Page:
Cedar Creek Ecosystem Science Reserve

Scientist Tali Lee takes measurements of plant response to CO2 with student intern Ann Karpinski.

Key Research Findings:

Neighborhoods across biophysically different regions have similar patterns of development leading to ecological homogenization of basic neighborhood structure and residential yards more ecologically similar to yards across the nation than to their respective nearby natural areas.
Cedar Creek research demonstrates that anticipated atmospheric CO2 levels predicted for 2075 will increase plant growth and carbon sequestration in grasslands in fertile areas, but only weakly in arid ecosystems with low nitrogen. These results suggest that ultimately atmospheric CO2 levels will rise faster than predicted by leading models.
Cedar Creek scientists discovered that the number of plant species in an ecosystem – its biodiversity – has a profound effect on ecosystem function.


Cedar Creek Ecosystem Science Reserve (CCESR), established in 1942, was designated a National Natural Landmark by the National Park Service in 1975. In 1977 it was included as an Experimental Ecology Reserve in a proposed national network, and in 1982 it was one of 11 sites in the United States selected by the National Science Foundation for funding of Long Term Ecological Research (LTER).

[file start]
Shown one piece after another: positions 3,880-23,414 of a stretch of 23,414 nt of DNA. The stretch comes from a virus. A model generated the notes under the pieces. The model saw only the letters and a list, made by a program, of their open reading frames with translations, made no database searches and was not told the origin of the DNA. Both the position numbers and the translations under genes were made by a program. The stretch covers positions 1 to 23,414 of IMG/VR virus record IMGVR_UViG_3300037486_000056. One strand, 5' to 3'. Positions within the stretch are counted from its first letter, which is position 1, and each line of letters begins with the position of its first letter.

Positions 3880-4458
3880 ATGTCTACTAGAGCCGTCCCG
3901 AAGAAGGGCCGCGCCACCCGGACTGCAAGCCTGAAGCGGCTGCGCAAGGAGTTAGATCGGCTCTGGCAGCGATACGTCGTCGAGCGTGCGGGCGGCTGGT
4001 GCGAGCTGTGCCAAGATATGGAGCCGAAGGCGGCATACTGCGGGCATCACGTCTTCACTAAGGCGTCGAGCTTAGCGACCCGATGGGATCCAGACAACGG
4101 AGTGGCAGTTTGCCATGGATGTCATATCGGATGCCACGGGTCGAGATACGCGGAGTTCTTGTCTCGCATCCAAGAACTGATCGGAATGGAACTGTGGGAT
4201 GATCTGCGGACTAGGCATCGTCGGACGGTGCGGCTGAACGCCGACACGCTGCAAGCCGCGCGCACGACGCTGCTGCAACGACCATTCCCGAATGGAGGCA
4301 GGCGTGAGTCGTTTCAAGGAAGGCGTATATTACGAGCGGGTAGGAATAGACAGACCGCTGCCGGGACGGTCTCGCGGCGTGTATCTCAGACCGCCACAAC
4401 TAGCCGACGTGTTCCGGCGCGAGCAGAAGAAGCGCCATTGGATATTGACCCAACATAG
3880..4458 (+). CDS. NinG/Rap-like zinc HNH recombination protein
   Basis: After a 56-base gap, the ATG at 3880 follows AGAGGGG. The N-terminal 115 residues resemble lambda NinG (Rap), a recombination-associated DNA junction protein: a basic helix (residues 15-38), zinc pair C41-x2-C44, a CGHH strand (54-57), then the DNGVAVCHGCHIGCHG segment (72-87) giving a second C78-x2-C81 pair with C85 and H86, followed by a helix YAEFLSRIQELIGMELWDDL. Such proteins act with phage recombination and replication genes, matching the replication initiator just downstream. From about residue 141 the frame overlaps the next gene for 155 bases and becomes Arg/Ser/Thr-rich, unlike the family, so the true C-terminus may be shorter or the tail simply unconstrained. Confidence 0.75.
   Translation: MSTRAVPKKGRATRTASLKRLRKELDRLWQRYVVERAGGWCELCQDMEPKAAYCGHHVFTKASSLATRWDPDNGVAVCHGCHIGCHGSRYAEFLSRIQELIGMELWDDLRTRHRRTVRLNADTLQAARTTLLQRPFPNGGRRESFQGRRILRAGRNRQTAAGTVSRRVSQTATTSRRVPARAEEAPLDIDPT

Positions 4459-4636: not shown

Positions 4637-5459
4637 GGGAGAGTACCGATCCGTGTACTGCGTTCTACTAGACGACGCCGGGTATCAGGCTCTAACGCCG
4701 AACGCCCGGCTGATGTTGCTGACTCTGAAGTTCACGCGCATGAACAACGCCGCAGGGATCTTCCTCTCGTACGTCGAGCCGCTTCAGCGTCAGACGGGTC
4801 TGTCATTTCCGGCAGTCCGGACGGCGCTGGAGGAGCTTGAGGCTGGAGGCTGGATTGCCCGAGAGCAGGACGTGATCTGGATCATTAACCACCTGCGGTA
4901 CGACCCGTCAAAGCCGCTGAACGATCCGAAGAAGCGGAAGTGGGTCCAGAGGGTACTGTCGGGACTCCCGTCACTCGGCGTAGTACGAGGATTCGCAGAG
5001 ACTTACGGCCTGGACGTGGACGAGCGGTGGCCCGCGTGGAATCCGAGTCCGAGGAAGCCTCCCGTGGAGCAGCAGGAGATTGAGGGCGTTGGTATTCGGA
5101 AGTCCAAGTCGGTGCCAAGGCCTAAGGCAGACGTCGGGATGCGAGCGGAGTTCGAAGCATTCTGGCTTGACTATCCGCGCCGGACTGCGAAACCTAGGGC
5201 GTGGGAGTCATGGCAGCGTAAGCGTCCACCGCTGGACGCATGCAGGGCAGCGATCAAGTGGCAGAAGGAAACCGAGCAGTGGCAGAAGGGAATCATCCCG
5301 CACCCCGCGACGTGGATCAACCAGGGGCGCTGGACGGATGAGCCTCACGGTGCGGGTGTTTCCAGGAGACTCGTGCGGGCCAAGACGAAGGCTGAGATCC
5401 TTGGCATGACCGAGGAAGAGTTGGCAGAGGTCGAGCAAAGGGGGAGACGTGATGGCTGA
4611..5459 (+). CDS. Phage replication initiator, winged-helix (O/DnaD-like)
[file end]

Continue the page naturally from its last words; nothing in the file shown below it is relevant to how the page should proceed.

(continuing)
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Early History of Cedar Creek - Background Events and Early Use and Development (1929-1947) Excerpted from Hodson, A.C., 1985. History of the Cedar Creek Ecosystem Science Reserve. University of Minnesota Field Biology Program Occasional Papers Number 2.

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Research Topics:

Successional dynamics; primary productivity and disturbance patterns; nutrient budgets and cycles; climatic variation and the wetland/upland boundary; plant-herbivore dynamics.

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